Is news anxiety affecting your mental health?
Given the volume of troubling headlines, many who keep up with current events often feel overwhelmed. In fact, a March 2022 survey by the American Psychological Association reveals that 73% of American adults report that the news represents a significant source of stress in their lives.
From war to crime to climate change, there always seems to be concerning news on our screens. While most people want to stay informed, it's not unusual to feel stress while reading the headlines or watching the news on TV or online. When these feelings are pervasive, ongoing, and not healthily managed, they may come to negatively impact a person’s daily functioning and well-being. They even have the potential to lead to more serious mental health challenges such as anxiety, depression, substance use disorder, and trauma. Read on to learn more and to explore coping strategies and support options that may help.
The SAMHSA National Helpline for support with substance misuse is available 24/7 and can be reached by calling (800) 662-4357.
Why is news-related anxiety so pervasive?
A 2019 qualitative analysis by the RAND (Research And Development) Corporation outlining the relationship between how much news we're exposed to and how it's presented may shed some light on why it's become an increasing source of anxiety for the general public.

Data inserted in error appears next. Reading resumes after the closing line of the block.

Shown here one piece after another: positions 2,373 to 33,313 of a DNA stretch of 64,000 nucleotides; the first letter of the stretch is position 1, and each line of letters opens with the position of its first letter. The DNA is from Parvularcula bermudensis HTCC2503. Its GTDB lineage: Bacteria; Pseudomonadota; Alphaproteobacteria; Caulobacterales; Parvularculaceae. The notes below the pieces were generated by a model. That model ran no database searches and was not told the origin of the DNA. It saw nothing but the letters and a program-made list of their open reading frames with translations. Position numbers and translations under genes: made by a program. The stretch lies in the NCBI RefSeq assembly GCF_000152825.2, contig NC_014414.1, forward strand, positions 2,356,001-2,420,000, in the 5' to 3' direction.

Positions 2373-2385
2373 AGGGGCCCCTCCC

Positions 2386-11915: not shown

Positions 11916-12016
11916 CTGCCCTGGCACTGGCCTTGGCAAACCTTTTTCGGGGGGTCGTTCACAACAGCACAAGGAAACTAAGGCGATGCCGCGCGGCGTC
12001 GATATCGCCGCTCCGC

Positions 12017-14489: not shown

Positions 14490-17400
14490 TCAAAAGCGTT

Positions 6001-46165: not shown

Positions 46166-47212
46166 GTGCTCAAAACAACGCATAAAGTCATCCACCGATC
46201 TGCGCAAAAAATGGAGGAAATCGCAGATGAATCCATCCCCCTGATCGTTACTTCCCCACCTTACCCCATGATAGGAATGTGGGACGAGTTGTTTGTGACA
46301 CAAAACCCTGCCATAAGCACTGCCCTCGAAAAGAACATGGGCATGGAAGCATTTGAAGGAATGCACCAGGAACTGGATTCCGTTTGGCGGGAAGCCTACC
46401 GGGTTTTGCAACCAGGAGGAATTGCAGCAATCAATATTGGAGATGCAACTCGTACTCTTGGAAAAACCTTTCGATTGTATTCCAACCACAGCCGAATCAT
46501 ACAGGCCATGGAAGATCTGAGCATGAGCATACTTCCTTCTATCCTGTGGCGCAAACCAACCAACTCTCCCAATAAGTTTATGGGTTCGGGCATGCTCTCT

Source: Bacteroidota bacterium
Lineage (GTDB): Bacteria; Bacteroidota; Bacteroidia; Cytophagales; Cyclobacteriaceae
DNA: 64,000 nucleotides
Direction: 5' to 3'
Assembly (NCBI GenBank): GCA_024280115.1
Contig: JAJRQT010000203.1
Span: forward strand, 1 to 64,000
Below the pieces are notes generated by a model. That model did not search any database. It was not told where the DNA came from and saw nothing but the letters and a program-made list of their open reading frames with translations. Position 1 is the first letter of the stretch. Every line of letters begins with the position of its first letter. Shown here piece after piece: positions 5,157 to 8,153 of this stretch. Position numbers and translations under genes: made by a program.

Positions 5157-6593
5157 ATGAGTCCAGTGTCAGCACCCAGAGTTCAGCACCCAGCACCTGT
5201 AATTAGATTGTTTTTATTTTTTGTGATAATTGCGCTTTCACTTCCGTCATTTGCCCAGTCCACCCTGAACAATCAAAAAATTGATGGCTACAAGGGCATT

While the ubiquity of 24-hour cable news is one of the more obvious and significant vehicles for subjective reporting today, social media has become another major source. For example, a 2020 report by Time magazine reveals that one in 10 Americans checks the news hourly, with 20% reporting that much of their news exposure comes from social media.
The relationship many of us have today with online news has even given rise to terms like "headline stress disorder," "doom-scrolling," and "doom-surfing.” According to the RAND report cited above, these refer to the inclination to "continue to surf or scroll through bad news, even though that news is saddening, disheartening, or depressing."
Potential mental health effects of news anxiety
Not everyone who keeps up with current events or sometimes feels stress as a result has an anxiety disorder. To understand how news-related anxiety can impact people in daily life, though, it may be helpful to recognize some key symptoms of generalized anxiety disorder as a benchmark. News-related anxiety is not currently considered to be a diagnosable mental health condition, but the effects of this mental health challenge could contribute to a person’s development of a diagnosable anxiety disorder.
If you experience the following mental health symptoms with significant frequency or severity or if they interfere with your daily life, it may be indicative of an anxiety disorder: